• Thus, in order to perform a job on a plurality of different data processing systems in a data center, only one workflow program need be created. Comparing the methods described in relation to FIG. 7 and FIG. 8 to the methods described in relation to FIG. 3 through FIG. 6, it is apparent that the mechanism of an embodiment of the present invention may greatly reduce the complexity of performing jobs in a data processing center or data processing environment. Another advantage of the workflow language described herein is that the single workflow program may be easily understood, maintained, and debugged. Furthermore, the workflow language may be used to fully integrate the desired scripts or programs into a single program that handles any interrelated functions of the various individual scripts or programs.
  • FIG. 9 is a flowchart illustrating an example of an operation of a workflow execution engine, in accordance with an embodiment of the present invention. The method shown in FIG. 9 illustrates communication between a workflow execution engine, an intermediate EXPECT script, and a BASH script within a workflow program and may be implemented in data processing systems and data centers, such as those shown in FIG. 1, FIG. 2, and FIG. 3.
  • First, a workflow execution engine prepares an intermediate EXPECT script by merging BASH input bindings with script input parameters (step 900). An example of BASH input bindings, which is also an example of language binding, is shown in FIG. 10. Script input parameter values come from a workflow execution state maintained by the workflow execution engine.
  • Next, the workflow execution engine prepares an executable BASH script by merging BASH output bindings with a BASH script embedded into a workflow program (step 902). An example of BASH output bindings, which is also an example of language binding, is shown in FIG. 11. The BASH output bindings define BASH functions which embedded BASH scripts can use to send information back to the workflow execution engine.
  • Thereafter, the workflow execution engine starts a BASH interpreter (step 904). An intermediate EXPECT script sends commands to the BASH interpreter and defines script input parameters as BASH environment variables (step 906). The workflow execution engine then instructs the BASH interpreter to execute the prepared BASH script (step 908). The workflow execution engine then processes the BASH script output (step 910). Processing output can include updating workflow execution variable values, adding new records to a workflow execution log, handling script execution errors, or handling any other outputs.
  • FIG. 10 is an example of BASH input bindings, in accordance with an embodiment of the present invention. The BASH input bindings shown in FIG. 10 may be used in the process shown in FIG. 9. The BASH input bindings are also examples of language binding described elsewhere in the specification.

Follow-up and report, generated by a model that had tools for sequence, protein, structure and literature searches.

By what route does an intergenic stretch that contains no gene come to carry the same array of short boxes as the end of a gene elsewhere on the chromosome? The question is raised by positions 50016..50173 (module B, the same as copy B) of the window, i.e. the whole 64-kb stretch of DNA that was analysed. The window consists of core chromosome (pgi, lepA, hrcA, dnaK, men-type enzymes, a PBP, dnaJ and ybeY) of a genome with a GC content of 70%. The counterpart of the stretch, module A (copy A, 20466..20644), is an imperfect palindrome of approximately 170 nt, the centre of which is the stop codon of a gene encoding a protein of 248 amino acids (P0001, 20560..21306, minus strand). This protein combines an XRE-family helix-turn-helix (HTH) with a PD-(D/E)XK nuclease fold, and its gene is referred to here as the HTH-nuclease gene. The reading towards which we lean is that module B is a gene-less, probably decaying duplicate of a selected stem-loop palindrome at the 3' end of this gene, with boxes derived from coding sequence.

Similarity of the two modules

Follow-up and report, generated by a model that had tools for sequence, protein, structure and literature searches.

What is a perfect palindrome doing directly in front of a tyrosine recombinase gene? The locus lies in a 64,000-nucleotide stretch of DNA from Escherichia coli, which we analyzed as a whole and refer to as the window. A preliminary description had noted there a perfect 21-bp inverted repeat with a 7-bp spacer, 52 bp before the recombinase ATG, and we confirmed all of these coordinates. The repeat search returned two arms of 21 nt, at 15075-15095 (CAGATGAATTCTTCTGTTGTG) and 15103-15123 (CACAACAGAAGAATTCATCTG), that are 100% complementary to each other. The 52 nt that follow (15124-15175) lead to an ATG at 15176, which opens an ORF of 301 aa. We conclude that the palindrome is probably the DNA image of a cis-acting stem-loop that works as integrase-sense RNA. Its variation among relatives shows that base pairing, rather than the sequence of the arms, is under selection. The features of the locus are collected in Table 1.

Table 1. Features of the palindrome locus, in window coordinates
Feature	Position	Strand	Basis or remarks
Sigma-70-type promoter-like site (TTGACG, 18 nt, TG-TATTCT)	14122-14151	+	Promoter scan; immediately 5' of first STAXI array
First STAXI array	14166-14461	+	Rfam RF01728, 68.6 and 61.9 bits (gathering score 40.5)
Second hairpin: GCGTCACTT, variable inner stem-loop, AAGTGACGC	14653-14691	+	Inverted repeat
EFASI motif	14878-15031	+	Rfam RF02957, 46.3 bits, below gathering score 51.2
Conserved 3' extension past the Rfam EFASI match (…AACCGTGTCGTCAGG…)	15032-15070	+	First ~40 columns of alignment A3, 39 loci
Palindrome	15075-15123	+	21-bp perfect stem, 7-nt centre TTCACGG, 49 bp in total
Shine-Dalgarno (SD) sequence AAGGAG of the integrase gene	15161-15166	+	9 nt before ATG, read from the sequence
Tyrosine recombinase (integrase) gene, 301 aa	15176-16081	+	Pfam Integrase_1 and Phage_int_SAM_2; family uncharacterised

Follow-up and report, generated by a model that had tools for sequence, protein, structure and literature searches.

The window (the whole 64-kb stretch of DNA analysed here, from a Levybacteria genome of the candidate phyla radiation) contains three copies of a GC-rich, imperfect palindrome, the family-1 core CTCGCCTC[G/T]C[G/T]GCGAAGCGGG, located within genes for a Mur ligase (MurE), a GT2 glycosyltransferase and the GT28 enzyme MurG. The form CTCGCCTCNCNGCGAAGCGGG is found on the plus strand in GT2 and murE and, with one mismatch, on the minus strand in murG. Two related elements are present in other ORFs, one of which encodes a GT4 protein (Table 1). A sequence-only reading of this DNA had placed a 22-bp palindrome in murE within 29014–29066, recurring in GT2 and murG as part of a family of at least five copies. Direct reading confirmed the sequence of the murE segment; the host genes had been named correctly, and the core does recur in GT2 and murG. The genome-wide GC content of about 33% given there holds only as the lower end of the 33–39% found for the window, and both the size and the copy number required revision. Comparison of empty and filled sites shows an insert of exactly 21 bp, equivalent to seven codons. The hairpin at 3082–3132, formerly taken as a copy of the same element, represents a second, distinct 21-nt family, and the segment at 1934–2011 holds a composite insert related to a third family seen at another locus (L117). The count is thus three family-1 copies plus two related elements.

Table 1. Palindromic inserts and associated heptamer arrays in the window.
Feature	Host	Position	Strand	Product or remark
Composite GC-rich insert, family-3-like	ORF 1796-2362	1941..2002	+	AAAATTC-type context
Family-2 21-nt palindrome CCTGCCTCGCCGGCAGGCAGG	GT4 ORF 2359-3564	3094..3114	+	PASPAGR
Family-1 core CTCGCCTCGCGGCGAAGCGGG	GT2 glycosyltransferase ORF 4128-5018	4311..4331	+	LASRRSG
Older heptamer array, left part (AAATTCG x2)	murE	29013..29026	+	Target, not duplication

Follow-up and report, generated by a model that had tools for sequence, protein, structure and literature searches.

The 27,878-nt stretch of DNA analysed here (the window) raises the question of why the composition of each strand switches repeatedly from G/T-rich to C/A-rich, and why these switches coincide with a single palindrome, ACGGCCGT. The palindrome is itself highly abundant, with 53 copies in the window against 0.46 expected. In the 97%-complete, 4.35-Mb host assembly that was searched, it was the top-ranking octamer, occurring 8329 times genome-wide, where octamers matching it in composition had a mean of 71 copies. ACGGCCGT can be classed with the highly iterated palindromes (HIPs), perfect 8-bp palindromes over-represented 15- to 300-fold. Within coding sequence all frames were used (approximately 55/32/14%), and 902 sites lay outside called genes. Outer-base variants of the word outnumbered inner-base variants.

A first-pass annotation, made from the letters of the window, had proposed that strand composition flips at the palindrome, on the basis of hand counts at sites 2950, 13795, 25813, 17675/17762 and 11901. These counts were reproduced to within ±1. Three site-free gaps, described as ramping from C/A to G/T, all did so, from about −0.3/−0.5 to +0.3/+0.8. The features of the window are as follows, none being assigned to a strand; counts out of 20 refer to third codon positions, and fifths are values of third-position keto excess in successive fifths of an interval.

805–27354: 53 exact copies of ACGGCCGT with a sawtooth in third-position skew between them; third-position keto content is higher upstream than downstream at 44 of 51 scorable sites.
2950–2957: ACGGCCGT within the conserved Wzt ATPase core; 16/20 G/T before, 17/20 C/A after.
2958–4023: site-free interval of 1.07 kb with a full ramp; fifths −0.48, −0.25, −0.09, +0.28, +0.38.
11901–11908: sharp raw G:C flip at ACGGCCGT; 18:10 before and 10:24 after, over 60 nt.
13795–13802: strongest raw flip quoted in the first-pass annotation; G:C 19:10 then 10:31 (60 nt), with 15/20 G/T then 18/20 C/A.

• FIG. 11 is an example of BASH output bindings, in accordance with an embodiment of the present invention. The BASH output bindings shown in FIG. 11 may be used in the process shown in FIG. 9. The BASH output binding shown define three BASH functions, TIOsetVar, TIOthrow, and TIOlog. Embedded BASH scripts can use each of these functions to send information back to the workflow execution engine. The BASH output bindings shown are also examples of language binding described elsewhere in the specification.
  • FIG. 12 shows an example of a workflow program, in accordance with an embodiment of the present invention. The workflow program shown in FIG. 12, entitled “primaryIPAddress,” shows how to use embedded scripts to determine the primary management IP address of a remote system. Line 1 illustrates declaring a workflow name; one workflow input parameter, “server,” which defines a target data processing system; and one workflow output parameter, “address.” Line 3 illustrates declaring a workflow local variable that will be used to pass information from a first scriptlet to a second scriptlet.
  • Line 7 through line 15 illustrates an embedded BASH script that creates a temporary file and populates it with information about the IP system's addresses. The scriptlet is written on BASH and will be executed on a remote data processing system defined by the “server” workflow input parameter. Line 10 illustrates how the BASH scriptlet can raise an exception. This exception will be handled by a workflow “catchall” statement illustrated on line 22. Line 13 shows how the BASH scriptlet can cause a debug message to be written to an execution log. Line 14 shows how the BASH scriptlet can set a value of a workflow local variable.
  • Line 18 through line 21 illustrate an embedded PERL scriptlet. The actual logic of the PERL script is not shown in FIG. 12. Line 21 illustrates how the PERL scriptlet can set a value of a workflow output parameter.
  • Line 22 through line 24 illustrates how the workflow program can handle exceptions raised from within the two embedded scriptlets, completing the exemplary workflow program. Although the workflow program shown in FIG. 12 shows an example of a workflow program, many different workflow programs may be written using a variety of scripts and using a variety of different parameters. Thus, the workflow program shown in FIG. 12 does not necessarily limit the present invention.
  • It is important to note that while embodiments of the present invention have been described in the context of a fully functioning data processing system, those of ordinary skill in the art will appreciate that the processes of embodiments of the present invention are capable of being distributed in the form of a computer usable medium of instructions and a variety of forms and that embodiments of the present invention apply equally regardless of the particular type of signal bearing media actually used to carry out the distribution. Examples of computer usable media include recordable-type media, such as a floppy disk, a hard disk drive, a RAM, CD-ROMs, DVD-ROMs, and transmission-type media, such as digital and analog communications links, wired or wireless communications links using transmission forms, such as, for example, radio frequency and light wave transmissions. The computer usable media may take the form of coded formats that are decoded for actual use in a particular data processing system.